Romanticism,’ as anyone who has sought to find a manageable definition of the term will know, is notoriously difficult to pin down, and the next few paragraphs will be simplistic in the extreme, but it is generally agreed to have originated amongst a number of German writers and philosophers during the 18th century. According to Isaiah Berlin’s influential series of lectures, given in Washington in 1965, and finally published in book form in 1999 as The Roots of Romanticism, it was a reaction amongst certain German intellectuals, still living in small duchies, principalities and other diverse but mainly insignificant and provincial places, against the cultural threat posed by strong, centralised nation-states like France and Britain, with their glittering courts, cosmopolitan capitals and increasingly scientific, rationalist philosophies. Rather than try to emulate these countries, they decided to celebrate instead the very opposite to what they saw happening in them. They would value the old and settled, the traditional, the regional and local. They would go inwards, as with the Pietist movement within Lutheranism, rather than outwards to explore and assert power over nature and the environment, as the English, in particular, were starting to do.
This tendency is especially noticeable in the work of the philosopher Herder, whose role is particularly important, as he was the first to propose the idea of the Volksgeist, the folk soul or spirit that embodied the essence of a people, and probably of the place where they had traditionally lived, the soil in which they were rooted.
The whole Romantic love of folklore, folk music and dance, the love of what we now call ‘local distinctiveness,’ started here, over two centuries ago. It grew throughout the 19th century and into the 20th, and became a large element of the political nationalism that was one of the main historical phenomena of the period. Small countries, nations and peoples began to assert themselves against the huge multi-national, multi-racial empires in which they had been subsumed. Foundation myths and folk heroes were rediscovered, national epics composed, languages revived and traditions of all kinds sought out. In many parts of the world this process continues, as of course do the conflicts and stalemates so often engendered by it.
A basic assumption behind the folk soul myth, as it developed and hardened, was that it was remote, rare and in imminent danger of being lost. You wouldn’t find the true essence of the people in courts or capitals, or amongst the bourgeoisie or urban masses. You had to go to the peasants, the ‘real’ people, living in timeless unity with their land, passing down their tales and traditions unchanged from the immemorial past. The oldest and most remote songs, stories and customs were the purest. They were wholesome and healing, as opposed to the cynical, commercial products of industrialism and the cities. Poets, musicians and artists, in returning to this pure source of inspiration, would create work that forged anew the soul of their race.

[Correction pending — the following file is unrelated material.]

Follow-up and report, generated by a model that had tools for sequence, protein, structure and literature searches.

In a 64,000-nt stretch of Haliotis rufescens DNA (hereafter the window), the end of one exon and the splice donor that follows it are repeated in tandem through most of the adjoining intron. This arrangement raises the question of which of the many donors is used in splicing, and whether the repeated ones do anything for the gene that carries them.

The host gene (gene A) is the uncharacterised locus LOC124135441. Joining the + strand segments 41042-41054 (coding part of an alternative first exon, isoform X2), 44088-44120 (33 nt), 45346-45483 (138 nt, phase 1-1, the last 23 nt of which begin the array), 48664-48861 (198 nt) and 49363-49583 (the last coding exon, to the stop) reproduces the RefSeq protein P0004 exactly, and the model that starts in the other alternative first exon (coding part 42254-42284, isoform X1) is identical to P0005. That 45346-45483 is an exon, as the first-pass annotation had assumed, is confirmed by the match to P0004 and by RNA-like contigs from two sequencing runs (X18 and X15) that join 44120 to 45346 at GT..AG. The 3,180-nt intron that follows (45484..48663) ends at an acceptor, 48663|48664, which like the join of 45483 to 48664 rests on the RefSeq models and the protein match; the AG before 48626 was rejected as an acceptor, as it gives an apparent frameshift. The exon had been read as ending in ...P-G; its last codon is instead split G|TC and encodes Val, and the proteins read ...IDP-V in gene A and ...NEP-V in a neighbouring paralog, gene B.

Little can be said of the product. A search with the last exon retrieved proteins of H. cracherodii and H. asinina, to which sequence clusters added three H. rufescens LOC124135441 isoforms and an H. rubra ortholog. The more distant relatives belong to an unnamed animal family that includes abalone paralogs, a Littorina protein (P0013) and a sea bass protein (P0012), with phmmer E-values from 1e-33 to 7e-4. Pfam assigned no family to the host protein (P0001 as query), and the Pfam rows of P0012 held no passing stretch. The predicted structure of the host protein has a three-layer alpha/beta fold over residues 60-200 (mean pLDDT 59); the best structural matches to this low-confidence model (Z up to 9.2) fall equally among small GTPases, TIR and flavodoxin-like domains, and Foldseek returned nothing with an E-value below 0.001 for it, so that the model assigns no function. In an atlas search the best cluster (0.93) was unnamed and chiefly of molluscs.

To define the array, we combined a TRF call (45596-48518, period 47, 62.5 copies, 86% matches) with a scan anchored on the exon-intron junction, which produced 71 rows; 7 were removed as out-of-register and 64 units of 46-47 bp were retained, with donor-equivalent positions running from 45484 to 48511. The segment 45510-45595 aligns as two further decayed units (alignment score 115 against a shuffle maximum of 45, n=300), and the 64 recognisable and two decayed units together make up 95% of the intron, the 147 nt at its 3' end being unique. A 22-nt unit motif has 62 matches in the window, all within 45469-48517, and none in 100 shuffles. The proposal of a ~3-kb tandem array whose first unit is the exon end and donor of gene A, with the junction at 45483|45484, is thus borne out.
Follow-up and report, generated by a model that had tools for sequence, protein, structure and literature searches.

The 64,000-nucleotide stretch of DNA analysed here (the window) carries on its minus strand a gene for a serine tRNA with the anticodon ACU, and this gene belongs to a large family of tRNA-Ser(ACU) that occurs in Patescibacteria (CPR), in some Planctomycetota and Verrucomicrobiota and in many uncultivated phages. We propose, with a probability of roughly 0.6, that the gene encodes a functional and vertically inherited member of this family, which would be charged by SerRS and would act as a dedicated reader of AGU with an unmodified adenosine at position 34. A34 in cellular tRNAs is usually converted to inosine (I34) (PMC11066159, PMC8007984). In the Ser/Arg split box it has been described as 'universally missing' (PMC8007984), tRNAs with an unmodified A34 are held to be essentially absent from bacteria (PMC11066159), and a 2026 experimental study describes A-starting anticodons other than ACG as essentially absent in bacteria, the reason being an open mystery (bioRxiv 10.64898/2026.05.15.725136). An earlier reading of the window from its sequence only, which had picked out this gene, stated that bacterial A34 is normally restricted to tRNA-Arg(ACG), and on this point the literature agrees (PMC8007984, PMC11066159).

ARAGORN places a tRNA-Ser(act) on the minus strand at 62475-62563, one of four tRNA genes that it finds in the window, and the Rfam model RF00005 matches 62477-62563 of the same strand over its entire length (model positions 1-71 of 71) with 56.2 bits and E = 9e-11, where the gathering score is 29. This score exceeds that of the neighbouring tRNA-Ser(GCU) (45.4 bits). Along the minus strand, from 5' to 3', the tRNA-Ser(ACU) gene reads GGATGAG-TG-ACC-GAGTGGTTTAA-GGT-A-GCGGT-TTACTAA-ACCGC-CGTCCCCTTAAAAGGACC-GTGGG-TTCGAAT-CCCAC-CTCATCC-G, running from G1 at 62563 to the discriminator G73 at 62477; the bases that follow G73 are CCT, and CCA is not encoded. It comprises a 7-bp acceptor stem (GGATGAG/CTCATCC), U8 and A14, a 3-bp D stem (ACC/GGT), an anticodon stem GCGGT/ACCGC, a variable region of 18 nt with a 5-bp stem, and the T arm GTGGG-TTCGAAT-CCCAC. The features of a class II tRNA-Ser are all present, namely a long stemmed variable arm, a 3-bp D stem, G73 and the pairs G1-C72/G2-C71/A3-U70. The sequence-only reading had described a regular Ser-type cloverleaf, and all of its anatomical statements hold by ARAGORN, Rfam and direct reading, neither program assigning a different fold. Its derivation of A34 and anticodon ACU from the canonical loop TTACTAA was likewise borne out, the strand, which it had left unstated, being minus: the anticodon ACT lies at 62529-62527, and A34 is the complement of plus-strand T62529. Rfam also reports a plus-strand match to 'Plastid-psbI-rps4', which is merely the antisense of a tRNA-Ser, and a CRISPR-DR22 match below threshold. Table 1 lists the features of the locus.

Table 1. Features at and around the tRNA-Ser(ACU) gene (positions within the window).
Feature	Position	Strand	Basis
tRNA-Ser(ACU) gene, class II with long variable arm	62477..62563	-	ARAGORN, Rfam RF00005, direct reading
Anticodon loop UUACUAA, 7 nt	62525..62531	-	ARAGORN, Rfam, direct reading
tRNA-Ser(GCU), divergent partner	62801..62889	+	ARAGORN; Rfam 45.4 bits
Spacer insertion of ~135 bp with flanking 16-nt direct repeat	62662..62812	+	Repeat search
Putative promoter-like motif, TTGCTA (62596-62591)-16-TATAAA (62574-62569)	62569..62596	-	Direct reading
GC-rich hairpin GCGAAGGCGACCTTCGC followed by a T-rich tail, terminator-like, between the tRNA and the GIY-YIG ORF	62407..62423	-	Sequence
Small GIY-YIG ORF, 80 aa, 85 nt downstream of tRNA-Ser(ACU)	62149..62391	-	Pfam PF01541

If I may indulge in a Baring-Gould-like digression for a moment: I remember, as a child, puzzling over the illustrations of children in various picture books, who were dressed in something called ‘national costume.’ There would be an English boy and girl in 1950s school uniform, but the others were in what I later came to realise were highly stylised peasant clothing, dating from the 19th century. If, I wondered, I went to any of these countries, would my contemporaries really be dressed in these weird costumes in the playground? I couldn’t quite accept the likelihood, somehow. These ‘national costumes,’ like so much else, were invented traditions inspired by the Romantic Nationalist assumption that each people had its unique, essential nature, and that this was expressed in everyday culture. The English don’t have a national costume dating from that time, for the simple reason that we did not need to assert ourselves against a huge multi-national empire. We were the huge multi-national empire, though we allowed the Scots and Welsh, now they were safely under control, to indulge themselves in some equally invented traditions, only loosely based on real historical precedents (the tall Welsh hat, and the modern kilt and the supposed clan tartans, all date from the mid 19th century).
What the English did have, though, was a strong sense of the regional and local, particularly based on loyalty to the ancient counties. This deep awareness and pride in county identity, and the often marked individuality of each one, goes back centuries; it was especially prominent in the Tudor period, at exactly the time when a real sense of an English nation state was in the process of forming.